As long as it comes equipped with Cartrivision, consider me sold.

Wednesday, January 07, 2009

Space elevators needed for space solar power?

It might sound like the piling of one unlikely science fiction idea on top of another - but the small band of enthusiasts who believe machines called space elevators could one day become a reality say their technology could one day save the planet.

(Via Futurismic.)

Tuesday, January 06, 2009

Article about quasi-perpetual motion technology

Randell Mills, founder of BlackLight Power, claims to have invented a reactor that makes hydrogen atoms drop to an energy state below ground level, which causes them to release "100 times as much energy as you’d get by just burning the hydrogen." IEEE Spectrum interviewed several physicists about it, and they say it's poppycock. Nevertheless, the company developing the technology has received $60 million in funding.

Monday, December 29, 2008

Scientists plan to ignite tiny man-made star

In the spring, a team will begin attempts to ignite a tiny man-made star inside a laboratory and trigger a thermonuclear reaction.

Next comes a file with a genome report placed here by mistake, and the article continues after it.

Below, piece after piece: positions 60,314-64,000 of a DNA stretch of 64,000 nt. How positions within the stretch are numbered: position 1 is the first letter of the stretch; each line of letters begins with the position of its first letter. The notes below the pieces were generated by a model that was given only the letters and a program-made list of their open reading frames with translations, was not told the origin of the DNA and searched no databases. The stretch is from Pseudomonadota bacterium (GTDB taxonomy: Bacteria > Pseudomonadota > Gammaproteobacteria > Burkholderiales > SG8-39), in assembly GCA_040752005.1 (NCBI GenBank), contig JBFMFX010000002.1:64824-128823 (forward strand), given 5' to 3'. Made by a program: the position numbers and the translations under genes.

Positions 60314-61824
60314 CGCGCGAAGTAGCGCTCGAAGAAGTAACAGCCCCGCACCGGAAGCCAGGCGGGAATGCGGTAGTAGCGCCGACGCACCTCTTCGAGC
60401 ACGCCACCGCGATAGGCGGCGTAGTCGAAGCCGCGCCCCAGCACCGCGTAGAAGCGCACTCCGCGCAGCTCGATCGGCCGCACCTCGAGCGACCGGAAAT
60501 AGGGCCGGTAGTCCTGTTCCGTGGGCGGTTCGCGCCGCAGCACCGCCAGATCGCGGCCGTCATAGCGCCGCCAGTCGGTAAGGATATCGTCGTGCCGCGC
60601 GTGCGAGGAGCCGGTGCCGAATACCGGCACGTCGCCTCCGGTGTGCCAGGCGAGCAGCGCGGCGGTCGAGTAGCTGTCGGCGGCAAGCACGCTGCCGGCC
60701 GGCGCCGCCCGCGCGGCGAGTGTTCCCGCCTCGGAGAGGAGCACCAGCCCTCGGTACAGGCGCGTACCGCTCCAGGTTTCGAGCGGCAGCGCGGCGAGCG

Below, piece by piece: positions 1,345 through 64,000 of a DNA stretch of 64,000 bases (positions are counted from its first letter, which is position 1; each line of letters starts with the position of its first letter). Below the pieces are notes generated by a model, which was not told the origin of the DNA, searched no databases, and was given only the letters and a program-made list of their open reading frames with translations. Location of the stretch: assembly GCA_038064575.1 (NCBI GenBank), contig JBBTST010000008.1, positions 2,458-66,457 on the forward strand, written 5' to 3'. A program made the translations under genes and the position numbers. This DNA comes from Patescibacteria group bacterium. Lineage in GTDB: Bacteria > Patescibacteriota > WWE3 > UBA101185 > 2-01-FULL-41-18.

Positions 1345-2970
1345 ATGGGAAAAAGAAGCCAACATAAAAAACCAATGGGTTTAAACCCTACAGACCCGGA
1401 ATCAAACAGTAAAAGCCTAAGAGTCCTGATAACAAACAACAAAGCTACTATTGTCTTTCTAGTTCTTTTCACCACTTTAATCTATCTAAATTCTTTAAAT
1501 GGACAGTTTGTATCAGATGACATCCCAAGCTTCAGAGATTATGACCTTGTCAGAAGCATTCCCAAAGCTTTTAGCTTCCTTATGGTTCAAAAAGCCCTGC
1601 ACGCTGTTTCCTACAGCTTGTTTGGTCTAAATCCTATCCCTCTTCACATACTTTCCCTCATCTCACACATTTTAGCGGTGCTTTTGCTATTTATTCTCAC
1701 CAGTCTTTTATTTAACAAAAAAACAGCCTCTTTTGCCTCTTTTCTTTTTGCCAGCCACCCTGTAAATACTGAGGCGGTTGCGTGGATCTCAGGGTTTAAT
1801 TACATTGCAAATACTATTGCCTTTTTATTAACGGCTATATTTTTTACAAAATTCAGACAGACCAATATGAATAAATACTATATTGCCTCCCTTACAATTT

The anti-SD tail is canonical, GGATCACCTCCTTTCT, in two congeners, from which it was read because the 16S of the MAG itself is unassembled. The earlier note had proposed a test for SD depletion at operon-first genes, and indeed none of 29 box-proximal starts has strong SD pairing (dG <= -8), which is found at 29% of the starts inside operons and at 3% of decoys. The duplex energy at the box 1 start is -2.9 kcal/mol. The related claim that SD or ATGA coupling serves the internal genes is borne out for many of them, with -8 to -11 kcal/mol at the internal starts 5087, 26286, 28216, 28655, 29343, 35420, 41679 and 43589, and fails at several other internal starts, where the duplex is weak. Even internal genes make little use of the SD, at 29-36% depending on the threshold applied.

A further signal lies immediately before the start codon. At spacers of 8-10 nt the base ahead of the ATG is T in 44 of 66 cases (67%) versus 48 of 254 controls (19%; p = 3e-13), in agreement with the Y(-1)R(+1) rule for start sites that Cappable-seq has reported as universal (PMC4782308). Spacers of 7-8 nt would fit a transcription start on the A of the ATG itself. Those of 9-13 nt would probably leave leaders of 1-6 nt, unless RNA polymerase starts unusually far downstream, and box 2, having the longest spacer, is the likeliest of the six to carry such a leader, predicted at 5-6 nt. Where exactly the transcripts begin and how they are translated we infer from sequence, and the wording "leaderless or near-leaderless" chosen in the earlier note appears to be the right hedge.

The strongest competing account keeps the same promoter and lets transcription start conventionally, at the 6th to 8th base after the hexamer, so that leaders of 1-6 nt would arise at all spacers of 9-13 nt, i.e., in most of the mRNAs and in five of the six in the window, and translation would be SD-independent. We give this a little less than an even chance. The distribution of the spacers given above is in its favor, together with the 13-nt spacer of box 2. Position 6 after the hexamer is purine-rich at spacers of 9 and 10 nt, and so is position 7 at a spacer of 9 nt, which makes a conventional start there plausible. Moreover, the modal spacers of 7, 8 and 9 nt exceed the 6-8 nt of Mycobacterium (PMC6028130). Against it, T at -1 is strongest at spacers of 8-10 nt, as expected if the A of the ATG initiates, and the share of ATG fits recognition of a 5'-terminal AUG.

Its goal is to generate temperatures of more than 100 million degrees Celsius and pressures billions of times higher than those found anywhere else on earth, from a speck of fuel little bigger than a pinhead. If successful, the experiment will mark the first step towards building a practical nuclear fusion power station and a source of almost limitless energy.

Monday, December 15, 2008

Commuters to Generate Electricity From Walking Into Train Station

The greatest thing about this demo is its sheer practicality in the real world. So many have been talking about solar panel highways or body-heat generating mobile devices, but not so much about kinetic energy. The energy-generating springboard has the additional benefit of being comfortable on the feet and back, something cement and pavement clearly lack.

Friday, December 12, 2008

Could coffee be the alternative fuel of the future?

Nevertheless, more than 16 billion pounds of coffee are produced globally every year, according to the U.S. Department of Agriculture. Misra estimates that the grounds from that haul could be used to make as much as 340 million gallons of biodiesel. For their part, the researchers turned grounds donated by Starbucks into biodiesel that had the added advantage of smelling like a fresh cup o' Joe.